Eir paid €800 million in dividends in the nine months to September to a holding company owned by its main shareholders, French billionaire Xavier Niel and two US hedge funds.
It brings total shareholder payouts to €1.73 billion since two companies controlled by Mr Niel acquired 64.5 per cent of the Irish telecoms group in April 2018, in a deal that put an equity value on the business at €1 billion.
The remainder of Eir is owned by New York-based hedge funds Anchorage and Davidson Kempner, which sold part of their exiting holdings as Mr Niel’s NJJ investment vehicle and the then publicly-quoted telecoms business Iliad took a controlling stake. The businessman took Iliad private last year.
Some €400 million of Eir dividends were used in 2019 to redeem loan notes that Anchorage and Davidson Kempner had received as part-payment for shares the previous year.
All told, Mr Niel’s companies have benefited to the tune of €858 million from Eir dividends since they acquired their shares in 2018 – some €200 million more than what they paid for their combined stake.
The latest dividend payment to a holding company owned by the shareholders was disclosed in documents published on Tuesday, as Eir reported that its revenue fell in the third quarter and earnings were flat, in line with expectations, as the company continued to roll out fibre broadband and 5G mobile services around the country.
The dividend payouts in recent times have been supported by Eir selling a portfolio of phone masts in 2020 and a minority stake in its wholesale fibre network earlier this year.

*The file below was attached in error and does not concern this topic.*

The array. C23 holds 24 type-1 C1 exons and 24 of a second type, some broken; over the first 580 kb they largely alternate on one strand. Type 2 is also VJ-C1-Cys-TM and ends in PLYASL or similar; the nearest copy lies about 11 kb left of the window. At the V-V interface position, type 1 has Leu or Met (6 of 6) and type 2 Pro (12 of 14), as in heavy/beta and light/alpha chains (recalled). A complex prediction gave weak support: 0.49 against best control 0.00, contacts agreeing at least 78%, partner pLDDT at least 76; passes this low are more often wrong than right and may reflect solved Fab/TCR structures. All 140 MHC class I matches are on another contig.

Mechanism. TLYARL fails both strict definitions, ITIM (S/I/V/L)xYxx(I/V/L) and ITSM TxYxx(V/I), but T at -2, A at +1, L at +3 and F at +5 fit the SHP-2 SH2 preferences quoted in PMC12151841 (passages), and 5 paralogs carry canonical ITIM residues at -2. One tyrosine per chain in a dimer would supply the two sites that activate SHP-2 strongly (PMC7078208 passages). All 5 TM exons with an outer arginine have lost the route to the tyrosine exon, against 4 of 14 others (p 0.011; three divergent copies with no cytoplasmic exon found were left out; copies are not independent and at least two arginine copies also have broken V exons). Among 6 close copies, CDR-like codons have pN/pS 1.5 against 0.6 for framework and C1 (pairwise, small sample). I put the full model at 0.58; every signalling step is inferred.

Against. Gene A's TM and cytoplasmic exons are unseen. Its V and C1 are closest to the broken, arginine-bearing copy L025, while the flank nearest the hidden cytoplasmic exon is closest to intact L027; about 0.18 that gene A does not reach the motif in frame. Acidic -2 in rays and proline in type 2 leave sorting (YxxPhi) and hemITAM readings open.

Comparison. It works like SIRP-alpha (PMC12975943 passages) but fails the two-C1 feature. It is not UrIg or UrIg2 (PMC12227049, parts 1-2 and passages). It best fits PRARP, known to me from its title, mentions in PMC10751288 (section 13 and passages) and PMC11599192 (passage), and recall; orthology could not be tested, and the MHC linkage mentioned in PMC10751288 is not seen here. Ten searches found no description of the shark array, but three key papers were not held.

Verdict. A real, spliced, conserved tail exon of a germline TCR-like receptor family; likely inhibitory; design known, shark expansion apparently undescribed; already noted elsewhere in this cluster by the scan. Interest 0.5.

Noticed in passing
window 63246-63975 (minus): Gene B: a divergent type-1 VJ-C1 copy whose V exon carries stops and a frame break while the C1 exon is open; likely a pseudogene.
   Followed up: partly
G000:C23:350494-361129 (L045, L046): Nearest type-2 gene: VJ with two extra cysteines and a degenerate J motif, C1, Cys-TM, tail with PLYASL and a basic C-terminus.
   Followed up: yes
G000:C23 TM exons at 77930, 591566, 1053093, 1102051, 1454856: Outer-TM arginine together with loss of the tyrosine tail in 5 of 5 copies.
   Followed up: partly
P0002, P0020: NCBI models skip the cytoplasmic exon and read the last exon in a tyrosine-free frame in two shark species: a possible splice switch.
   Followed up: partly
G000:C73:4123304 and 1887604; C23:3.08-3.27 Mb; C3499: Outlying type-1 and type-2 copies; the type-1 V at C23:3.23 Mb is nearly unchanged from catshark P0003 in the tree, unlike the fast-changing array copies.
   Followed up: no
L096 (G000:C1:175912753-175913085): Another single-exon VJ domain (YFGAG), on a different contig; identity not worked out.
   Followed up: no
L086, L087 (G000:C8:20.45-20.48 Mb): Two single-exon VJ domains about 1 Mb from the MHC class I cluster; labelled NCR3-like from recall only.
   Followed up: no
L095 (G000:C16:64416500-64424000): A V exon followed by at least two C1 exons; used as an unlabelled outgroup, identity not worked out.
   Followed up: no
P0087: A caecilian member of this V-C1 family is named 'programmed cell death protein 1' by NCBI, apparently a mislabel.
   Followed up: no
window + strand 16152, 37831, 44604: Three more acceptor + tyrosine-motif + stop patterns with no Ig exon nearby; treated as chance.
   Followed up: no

Reported revenue for the three months ended September 30th was €306 million, down €3 million from the same period a year earlier, according to the latest financial report. Over the first nine months of the year, revenue was €4 million lower at €900 million.
Adjusted earnings before interest, tax, depreciation and amortisation (ebitda) was flat at €139 million in the third quarter compared to the same period last year. Operating costs for the quarter were €100 million, down 2 per cent year on year, while non-pay costs fell by 9 per cent. Eir’s costs relating to pay were up 7 per cent, or €3 million.
The company employed 3,487 full-time staff at the end of the third quarter, an increase of 4 per cent year on year. It had total borrowings of €2.54 billion and cash on hand of €659 million at the end of September.
The company said its fibre broadband base rose 2 per cent to 840,000 connections, with its overall broadband base down 1 per cent to 957,000 due to a decline in wholesale customers. Eir’s fibre to the home (FTTH) now passes more 925,000 premises.
Mobile customers were also higher at almost 1.3 million, a 7 per cent rise, with an increase in post-pay customers to 960,000. The company has made its 5G services available to more than 500 towns and cities across Ireland.
However, despite gains in other areas, Eir TV customers fell 2 per cent to 82,000.
“The pace of our FTTH network roll-out is something we are really proud of and we look forward to hitting the major one million milestone early next year,” said Eir chief executive Oliver Loomes. “Eir has and will continue to make significant investments in our infrastructure, we invest €250 million annually to ensure we have world-class technologies and the highest-quality connectivity available to our customers.”
Eir filed for examinership in 2012, the result of the group racking up an unsustainable level of €4.1 billion of borrowings following a series of changes of control after the State floated the business on the stock market in 1999. Under the rescue plan, some 40 per cent of debt mountain was written off.